The 2016 presidential election only seems far away if you're not planning to run in it. For those who are thinking about seeking their party's presidential nomination, there's so very much to do, starting yesterday.
This is a time to get to know donors, to get the public to know you on TV and social media, to visit big primary states, network with the activists and ideologues, produce a vanity book, polish a record, deal with personal baggage, take a stand, develop a world view and scout for advisers and political organizations that can power up a campaign team. All while sounding coy about running. And in some cases, not even being sure you will.
The main players: For the Democrats, Vice President Joe Biden, former Secretary of State Hillary Rodham Clinton, New York Gov. Andrew Cuomo and Maryland Gov. Martin O'Malley; and for the Republicans, former Florida Gov. Jeb Bush, New Jersey Gov. Chris Christie, Louisiana Gov. Bobby Jindal; Kentucky Sen. Rand Paul, Florida Sen. Marco Rubio, Wisconsin Rep. Paul Ryan and Wisconsin Gov. Scott Walker.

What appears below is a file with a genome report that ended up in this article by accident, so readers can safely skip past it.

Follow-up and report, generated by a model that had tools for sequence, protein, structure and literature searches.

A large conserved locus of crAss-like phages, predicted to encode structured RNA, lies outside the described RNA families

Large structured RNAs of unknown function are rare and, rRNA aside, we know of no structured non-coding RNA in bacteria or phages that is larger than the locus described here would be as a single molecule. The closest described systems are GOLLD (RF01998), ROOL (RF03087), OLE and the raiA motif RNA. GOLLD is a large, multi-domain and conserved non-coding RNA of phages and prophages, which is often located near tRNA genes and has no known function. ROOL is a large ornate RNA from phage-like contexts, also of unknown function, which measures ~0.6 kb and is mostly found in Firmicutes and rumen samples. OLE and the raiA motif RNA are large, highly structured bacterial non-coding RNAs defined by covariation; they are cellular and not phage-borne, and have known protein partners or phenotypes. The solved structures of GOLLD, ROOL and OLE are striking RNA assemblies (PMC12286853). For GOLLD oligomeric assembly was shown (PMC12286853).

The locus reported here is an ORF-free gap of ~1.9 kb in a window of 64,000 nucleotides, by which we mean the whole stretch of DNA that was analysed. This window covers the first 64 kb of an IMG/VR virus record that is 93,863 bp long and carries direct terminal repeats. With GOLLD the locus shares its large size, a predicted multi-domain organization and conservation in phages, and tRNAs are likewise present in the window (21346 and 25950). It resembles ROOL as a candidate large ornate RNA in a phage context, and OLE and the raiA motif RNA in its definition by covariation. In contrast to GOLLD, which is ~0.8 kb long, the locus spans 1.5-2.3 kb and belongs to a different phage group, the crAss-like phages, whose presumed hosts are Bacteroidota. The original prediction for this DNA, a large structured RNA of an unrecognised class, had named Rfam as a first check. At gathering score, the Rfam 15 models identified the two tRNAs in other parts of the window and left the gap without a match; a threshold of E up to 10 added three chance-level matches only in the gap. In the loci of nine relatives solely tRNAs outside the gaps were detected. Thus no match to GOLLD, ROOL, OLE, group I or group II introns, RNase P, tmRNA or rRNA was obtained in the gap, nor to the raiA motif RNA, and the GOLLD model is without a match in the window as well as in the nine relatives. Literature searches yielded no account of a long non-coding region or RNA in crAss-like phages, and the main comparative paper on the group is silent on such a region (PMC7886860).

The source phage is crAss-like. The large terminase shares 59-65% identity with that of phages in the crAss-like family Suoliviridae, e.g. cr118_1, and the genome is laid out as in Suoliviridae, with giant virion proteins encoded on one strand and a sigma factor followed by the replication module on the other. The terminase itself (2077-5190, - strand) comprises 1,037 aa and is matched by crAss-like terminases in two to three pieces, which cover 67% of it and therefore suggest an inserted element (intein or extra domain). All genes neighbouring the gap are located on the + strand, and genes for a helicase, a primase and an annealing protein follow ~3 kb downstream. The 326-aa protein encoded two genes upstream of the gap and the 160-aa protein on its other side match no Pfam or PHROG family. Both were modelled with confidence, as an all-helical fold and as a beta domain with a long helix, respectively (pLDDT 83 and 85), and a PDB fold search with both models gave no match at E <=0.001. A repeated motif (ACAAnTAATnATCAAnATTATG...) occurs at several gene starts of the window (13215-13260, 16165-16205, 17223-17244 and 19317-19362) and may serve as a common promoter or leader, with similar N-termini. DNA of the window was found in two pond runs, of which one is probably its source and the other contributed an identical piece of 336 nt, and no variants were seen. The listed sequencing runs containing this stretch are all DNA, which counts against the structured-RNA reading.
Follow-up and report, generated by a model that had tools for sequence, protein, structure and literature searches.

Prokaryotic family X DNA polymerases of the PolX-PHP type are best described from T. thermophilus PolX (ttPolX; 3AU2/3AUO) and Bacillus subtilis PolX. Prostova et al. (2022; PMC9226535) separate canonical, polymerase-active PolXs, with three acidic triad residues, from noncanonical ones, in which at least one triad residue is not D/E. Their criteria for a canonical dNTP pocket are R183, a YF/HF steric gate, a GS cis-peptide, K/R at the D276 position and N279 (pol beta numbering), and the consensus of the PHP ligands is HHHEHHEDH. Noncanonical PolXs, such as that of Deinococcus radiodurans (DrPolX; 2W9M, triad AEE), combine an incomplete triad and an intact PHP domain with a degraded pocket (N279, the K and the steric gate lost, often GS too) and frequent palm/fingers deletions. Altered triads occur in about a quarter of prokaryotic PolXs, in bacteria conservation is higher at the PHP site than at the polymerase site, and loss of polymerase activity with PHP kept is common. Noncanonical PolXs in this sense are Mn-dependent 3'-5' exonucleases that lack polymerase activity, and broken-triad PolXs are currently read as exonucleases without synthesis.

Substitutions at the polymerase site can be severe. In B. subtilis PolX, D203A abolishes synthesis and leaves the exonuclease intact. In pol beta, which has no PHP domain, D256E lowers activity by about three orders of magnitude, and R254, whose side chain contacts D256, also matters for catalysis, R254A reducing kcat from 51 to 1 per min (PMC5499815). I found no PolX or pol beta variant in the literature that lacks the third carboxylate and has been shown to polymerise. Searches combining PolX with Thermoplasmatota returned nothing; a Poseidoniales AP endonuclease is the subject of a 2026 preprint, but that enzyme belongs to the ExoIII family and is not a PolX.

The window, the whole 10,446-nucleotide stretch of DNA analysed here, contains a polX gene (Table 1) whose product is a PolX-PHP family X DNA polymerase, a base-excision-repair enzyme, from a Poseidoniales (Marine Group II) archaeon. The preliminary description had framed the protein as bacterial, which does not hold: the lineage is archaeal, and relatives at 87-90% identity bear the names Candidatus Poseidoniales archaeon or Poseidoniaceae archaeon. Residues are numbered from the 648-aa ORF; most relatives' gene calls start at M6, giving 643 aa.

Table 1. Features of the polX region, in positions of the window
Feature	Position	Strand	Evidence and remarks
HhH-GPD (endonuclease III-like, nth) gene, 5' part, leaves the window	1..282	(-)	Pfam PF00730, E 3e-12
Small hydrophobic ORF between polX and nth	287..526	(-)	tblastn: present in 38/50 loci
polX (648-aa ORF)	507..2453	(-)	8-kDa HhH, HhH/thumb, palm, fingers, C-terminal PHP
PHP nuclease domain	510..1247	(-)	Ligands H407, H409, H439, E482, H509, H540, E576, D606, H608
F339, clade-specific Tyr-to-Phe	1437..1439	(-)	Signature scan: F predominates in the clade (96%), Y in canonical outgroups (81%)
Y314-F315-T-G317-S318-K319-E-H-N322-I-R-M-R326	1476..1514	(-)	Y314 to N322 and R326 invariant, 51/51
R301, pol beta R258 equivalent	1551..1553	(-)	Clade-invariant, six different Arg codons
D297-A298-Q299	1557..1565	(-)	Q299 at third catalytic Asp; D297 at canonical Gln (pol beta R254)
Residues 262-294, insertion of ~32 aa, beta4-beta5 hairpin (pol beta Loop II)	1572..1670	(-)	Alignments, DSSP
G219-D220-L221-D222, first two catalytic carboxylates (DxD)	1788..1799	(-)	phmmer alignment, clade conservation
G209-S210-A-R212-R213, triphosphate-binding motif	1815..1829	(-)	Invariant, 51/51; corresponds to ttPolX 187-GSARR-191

NON-DENIAL DENIAL: Cagey words that cloak presidential ambitions, and none too convincingly.
Biden: "I can die a happy man never having been president of the United States of America. But it doesn't mean I won't run."
Clinton: "I have absolutely no plans to run. ... I don't know everything I'll be doing. I'll be working on behalf of women and girls, and hopefully be writing and speaking. Those are the things that I am planning to do right now. ... I'm looking forward to this next chapter in my life, whatever it is."
Cuomo: "To the extent that I'm focusing on politics, it's my (governor's) race next year."
O'Malley: "By the end of this year, we're on course to have a body of work that lays the framework of the candidacy for 2016."